Half of US Consumers Have Heard of Open Banking
October 13, 2021
By: Kate Drew
What Is Open Banking?
Open banking is hitting the mainstream not only with financial institutions — but also with consumers. In fact, nearly half of US consumers have heard of open banking, according to new survey data from Axway. While only about a quarter of these folks know what open banking is, that so many are at least aware of the concept should be enough to get even the most traditional of institutions standing at attention.
Based on this data, we are now at a point where open banking is a familiar term in the US with the three major groups that will drive its adoption: regulators, banking providers, and customers. And customers are perhaps the most important piece of the puzzle. That’s because traditional open banking regulation, which the Biden Administration is currently exploring, is based on the idea that customers own their data. As a result, consent is a central tenet of open banking regimes around the world. Getting customers familiar with the idea, and eventually onboard, will be key to the success of open banking in the US, regardless of how our government and institutions approach it.
The next step is going to be education — and this is a massive opportunity. Most consumers in the US still don’t know what open banking is exactly, and defining it for them in a way that makes sense and mollifies concerns is going to be critical to its use. According to the survey, when the concept was explained to them, half of respondents didn’t feel it was positive and worried about issues like losing control over access to their financial data (47%) and ongoing monitoring of their financial activity (33%). This suggests there is quite a bit of work to do when it comes how we create context and understanding around open banking and ensure consumers feel comfortable and secure. Promisingly, consumers do seem to agree with the key premise that they should own their data, with 84% of respondents saying as much.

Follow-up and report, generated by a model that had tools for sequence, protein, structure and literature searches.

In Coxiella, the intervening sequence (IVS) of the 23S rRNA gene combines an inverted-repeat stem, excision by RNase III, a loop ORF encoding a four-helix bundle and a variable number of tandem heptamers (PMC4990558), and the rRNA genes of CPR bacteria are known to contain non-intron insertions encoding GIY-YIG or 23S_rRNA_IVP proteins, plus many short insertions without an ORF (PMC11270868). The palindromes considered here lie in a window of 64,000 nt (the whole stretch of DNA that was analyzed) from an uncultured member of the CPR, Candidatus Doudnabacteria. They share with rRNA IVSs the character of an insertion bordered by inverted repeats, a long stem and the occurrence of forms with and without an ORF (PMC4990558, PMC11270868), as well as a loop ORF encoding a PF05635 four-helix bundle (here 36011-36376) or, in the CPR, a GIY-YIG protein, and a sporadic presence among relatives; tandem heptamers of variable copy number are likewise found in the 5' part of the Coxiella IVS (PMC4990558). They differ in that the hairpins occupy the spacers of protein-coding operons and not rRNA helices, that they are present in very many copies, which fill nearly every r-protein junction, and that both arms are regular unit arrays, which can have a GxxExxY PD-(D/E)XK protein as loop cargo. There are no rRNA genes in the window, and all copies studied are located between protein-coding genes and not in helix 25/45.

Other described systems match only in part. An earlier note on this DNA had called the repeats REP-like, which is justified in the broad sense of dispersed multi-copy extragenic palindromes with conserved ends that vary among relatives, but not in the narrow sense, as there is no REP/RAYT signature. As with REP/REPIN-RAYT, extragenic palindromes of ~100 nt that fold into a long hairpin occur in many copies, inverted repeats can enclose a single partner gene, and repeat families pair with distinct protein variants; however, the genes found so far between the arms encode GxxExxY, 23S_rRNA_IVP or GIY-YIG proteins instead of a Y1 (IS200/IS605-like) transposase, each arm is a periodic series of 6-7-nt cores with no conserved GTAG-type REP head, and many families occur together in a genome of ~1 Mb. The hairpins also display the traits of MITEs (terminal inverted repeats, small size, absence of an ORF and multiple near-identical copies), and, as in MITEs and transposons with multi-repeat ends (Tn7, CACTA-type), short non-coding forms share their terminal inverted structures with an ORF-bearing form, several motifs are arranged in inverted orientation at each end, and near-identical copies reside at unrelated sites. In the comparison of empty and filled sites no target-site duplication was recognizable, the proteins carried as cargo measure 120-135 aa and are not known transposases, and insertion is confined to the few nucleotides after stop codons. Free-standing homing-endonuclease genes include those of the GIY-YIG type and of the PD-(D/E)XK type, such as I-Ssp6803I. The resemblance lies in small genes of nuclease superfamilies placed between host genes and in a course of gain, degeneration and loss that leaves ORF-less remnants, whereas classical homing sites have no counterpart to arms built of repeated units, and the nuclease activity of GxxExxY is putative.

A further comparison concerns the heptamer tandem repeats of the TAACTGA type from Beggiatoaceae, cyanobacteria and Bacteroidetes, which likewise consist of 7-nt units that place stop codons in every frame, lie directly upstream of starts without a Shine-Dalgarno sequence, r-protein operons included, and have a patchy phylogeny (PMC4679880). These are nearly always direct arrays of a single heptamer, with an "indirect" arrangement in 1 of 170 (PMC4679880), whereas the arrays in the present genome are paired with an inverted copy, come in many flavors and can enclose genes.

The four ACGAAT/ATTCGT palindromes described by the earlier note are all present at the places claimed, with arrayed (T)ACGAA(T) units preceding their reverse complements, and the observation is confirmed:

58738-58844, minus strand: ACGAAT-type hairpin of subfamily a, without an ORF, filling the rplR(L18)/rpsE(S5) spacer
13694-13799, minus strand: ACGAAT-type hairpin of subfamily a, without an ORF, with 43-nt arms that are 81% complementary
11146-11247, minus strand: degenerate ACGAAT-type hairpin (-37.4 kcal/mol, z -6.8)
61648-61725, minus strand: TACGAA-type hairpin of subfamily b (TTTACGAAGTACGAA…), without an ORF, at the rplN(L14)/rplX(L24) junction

As open banking truly gets underway in the US, there will need to be a real focus on communication and outreach to help customers into the fold. And that responsibility is likely to fall on the shoulders of their primary financial institution — that’s right, their bank. Preparing early for this moment is smart, as it provides banks with the ability to control the narrative in a way that not only encourages adoption, but also gives them the opportunity to highlight where they sit and how they can help. For example, a bank that positions itself as on the side of the customer, ready to help them take control of their data and financial life, is likely to win loyalty in the process.
Open banking is making a slow (very slow) march into the US. There’s no question about that, but it does seem to be coming. And with consumers now at least somewhat familiar with the concept, it’s time to start thinking about how we talk with them about it. Getting an edge here is low-hanging fruit that should not be overlooked.
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